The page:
Moves to ban the bag

Auckland City Harbour News - - FRONT PAGE - By JESS ETHERIDGE

STRATE­GIES to cut down on plas­tic bags are be­ing praised by one en­vi­ron­men­tal com­mu­nity group.

But an Auck­land coun­cil­lor is con­cerned about get­ting the com­mer­cial sec­tor on board.

The city may soon limit the amount of sin­gle-use plas­tic bags shop­pers will pick up at the end of a su­per­mar­ket check­out.

The coun­cil has been in­ves­ti­gat­ing and a work­ing group is be­ing es­tab­lished to shape a draft agree­ment on min­imis­ing plas­tic bag and pack­ag­ing waste.

Colinda Rowe, chair­woman of en­vi­ron­men­tal group Grey Lynn 2030, says the move is sig­nif­i­cant and is about chang­ing peo­ple’s habits.

‘‘I of­ten see peo­ple buy­ing one or two food and drink items for lunch and hav­ing th­ese put in a plas­tic bag – it is so un­nec­es­sary,’’ Rowe says.

‘‘How­ever peo­ple are so used to it they don’t even think about it.’’

The res­i­dents of the city fringe sub­urb work to­gether un­der the Grey Lynn 2030 ban­ner to tackle is­sues re­lated to cli­mate change.

Mem­bers hold regular gar­den­ing, waste and en­ergy aware­ness events.

One of the group’s first ini­tia­tives was an e-waste col­lec­tion day in 2009.

The event saw 18 tonnes of e-waste di­verted from go­ing to a land­fill.

The city will be play­ing catch-up with the group, which has been cut­ting down on plas­tic bags in Grey Lynn for more than eight months.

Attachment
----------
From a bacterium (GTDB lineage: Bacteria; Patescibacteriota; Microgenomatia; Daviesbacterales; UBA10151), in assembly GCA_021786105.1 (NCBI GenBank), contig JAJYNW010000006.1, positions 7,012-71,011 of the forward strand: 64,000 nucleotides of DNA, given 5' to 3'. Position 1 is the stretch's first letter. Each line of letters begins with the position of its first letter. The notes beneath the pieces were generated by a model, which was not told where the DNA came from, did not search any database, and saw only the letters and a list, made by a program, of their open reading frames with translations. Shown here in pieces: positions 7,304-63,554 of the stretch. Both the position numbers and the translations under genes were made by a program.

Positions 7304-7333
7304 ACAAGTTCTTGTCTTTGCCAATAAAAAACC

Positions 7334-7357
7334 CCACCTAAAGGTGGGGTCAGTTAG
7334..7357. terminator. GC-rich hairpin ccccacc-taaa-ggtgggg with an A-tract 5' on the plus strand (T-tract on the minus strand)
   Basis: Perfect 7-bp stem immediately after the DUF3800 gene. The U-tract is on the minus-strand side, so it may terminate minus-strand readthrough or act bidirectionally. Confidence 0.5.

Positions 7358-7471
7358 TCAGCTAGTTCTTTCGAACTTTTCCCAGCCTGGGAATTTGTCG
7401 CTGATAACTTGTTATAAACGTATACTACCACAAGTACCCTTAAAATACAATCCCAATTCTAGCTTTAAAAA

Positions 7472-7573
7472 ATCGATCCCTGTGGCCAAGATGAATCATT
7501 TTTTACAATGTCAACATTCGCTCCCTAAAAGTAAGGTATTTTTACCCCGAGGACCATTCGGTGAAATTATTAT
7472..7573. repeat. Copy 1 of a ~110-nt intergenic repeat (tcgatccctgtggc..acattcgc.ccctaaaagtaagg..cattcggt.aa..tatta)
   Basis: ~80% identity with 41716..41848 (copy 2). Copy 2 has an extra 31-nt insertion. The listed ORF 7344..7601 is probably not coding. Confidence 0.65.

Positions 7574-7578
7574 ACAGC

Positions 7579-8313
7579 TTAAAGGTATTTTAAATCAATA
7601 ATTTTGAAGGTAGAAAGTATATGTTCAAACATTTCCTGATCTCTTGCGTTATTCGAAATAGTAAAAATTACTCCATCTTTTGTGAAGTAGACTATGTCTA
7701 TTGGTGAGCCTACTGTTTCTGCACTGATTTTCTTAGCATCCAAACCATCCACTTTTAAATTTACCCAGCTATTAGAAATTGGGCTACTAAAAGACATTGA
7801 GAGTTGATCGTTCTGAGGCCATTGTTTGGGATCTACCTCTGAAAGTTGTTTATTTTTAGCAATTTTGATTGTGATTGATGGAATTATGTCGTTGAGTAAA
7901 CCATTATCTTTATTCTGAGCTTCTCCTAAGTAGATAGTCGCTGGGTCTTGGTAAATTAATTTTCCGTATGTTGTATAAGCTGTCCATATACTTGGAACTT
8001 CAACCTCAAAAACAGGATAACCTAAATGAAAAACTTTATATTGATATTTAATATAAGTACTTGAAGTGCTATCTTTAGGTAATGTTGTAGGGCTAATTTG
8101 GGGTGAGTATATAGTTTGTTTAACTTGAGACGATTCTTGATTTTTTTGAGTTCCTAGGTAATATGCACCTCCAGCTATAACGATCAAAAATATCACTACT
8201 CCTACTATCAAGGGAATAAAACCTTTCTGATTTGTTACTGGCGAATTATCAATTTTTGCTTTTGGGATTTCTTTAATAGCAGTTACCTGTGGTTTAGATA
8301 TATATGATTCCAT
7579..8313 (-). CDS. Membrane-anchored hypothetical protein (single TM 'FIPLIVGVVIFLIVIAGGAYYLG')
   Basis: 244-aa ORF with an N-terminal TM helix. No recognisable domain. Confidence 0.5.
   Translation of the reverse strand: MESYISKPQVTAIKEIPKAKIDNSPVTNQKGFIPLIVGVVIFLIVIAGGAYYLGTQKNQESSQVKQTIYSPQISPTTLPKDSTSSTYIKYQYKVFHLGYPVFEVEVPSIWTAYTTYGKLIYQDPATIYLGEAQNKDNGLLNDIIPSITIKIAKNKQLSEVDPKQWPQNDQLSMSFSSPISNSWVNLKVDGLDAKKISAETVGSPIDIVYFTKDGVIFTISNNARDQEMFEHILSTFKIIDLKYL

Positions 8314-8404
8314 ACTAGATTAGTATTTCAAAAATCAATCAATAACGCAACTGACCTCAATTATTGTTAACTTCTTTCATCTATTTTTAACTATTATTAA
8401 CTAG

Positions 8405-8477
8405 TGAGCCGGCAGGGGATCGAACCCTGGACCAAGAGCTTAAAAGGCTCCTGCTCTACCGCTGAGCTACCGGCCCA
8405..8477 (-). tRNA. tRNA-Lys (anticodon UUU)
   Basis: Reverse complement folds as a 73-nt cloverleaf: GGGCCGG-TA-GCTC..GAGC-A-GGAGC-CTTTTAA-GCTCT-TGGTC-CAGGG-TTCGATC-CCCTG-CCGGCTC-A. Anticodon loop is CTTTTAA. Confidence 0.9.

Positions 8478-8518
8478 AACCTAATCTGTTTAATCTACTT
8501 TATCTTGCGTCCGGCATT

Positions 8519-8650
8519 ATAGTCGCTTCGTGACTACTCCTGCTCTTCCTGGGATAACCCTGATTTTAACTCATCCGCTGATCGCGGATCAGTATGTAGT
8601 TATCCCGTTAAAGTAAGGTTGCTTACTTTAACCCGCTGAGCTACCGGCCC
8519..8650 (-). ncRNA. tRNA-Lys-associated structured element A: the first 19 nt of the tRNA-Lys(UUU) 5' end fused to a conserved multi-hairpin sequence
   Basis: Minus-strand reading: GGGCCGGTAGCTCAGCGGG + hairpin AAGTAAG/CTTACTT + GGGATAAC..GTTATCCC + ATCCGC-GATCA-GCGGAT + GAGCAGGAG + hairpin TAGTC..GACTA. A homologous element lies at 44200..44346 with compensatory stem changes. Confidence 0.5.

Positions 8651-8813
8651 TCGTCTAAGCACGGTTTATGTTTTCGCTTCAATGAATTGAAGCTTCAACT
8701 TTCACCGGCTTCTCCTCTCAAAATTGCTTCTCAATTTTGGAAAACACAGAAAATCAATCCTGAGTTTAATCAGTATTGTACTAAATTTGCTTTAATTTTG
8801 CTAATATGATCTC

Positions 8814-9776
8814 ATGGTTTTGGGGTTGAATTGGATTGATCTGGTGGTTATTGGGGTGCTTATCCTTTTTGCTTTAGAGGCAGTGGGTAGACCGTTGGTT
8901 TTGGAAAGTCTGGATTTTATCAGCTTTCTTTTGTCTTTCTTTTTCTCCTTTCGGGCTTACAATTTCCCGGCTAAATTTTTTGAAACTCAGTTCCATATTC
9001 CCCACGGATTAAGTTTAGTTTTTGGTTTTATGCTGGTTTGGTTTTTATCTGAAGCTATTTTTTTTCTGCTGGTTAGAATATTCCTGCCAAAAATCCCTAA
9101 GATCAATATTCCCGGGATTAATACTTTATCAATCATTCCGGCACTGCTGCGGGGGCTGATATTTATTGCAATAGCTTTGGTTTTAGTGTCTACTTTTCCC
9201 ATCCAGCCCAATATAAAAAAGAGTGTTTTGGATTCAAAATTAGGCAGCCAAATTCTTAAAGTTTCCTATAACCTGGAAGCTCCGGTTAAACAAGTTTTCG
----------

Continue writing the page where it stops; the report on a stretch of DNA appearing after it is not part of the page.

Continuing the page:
Grey Lynn 2030 ral­lied res­i­dents and al­most 40 re­tail­ers op­er­at­ing within the sub­urb for Plas­tic Bag Free Day in July.

Both Count­down su­per­mar­kets in the sub­urb joined the cam­paign.

En­cour­ag­ing re­us­able bags will align Auck­land with San Fran­cisco, Chicago, Dublin and coun­tries such as Bangladesh who have all banned or taxed plas­tic bags.

‘‘Plas­tic bags are used for an av­er­age of 15 min­utes and then can take up to 1000 years to de­com­pose in a land­fill,’’ she says.

‘‘I hope we will be brave and be­come the first city in New Zealand to ban plas­tic bags al­to­gether.’’

The group was in­spired to or­gan­ise the day af­ter meet­ing Steph Bor­relle.

Bor­relle, a marine bi­ol­o­gist, is cam­paign­ing to ban the thin poly­thene bags sup­plied by su­per­mar­kets and other large re­tail­ers.

The Kings­land res­i­dent pre­sented a pe­ti­tion in sup­port of the cause to the coun­cil on the same day as Plas­tic Bag Free Day.

It had more than 4000 signatures.

A work­ing group of com­mu­nity rep­re­sen­ta­tives, re­tail­ers and con­sumer groups will help shape the plas­tic bag pol­icy, the coun­cil says. The use of plas­tic bags will also be cut within coun­cil.

Coun­cil­lor Denise Krum says she is fully sup­port­ive of the move but wor­ries there will not be buy-in from re­tail­ers.

‘‘Un­less Par­lia­ment looks at a form of manda­tory le­gal­i­sa­tion, a vol­un­tary-type scheme will be bound to fail as no re­tailer would want an­other to be un­fairly ad­van­taged.’’

Krum says she could see res­i­dents adapt­ing quickly to the change.

‘‘Trelise Cooper will have to cre­ate some new de­signs for her eco-bags.’’

Go to auck­land­c­i­ty­har­bour and click on Lat­est Edi­tion to watch a video about how plas­tic bags can im­pact on the nat­u­ral en­vi­ron­ment.


For­ward thinkers: Grey Lynn 2030 chair­woman Colinda Rowe with mem­bers Mar­i­anne van der Haas and Louise Johnstone and their reuse­able ma­te­rial bags.

Bag ban: Coun­cil­lor Denise Krum sup­ports cut­ting down on plas­tic bags but is con­cerned about buy-in from the com­mer­cial sec­tor.

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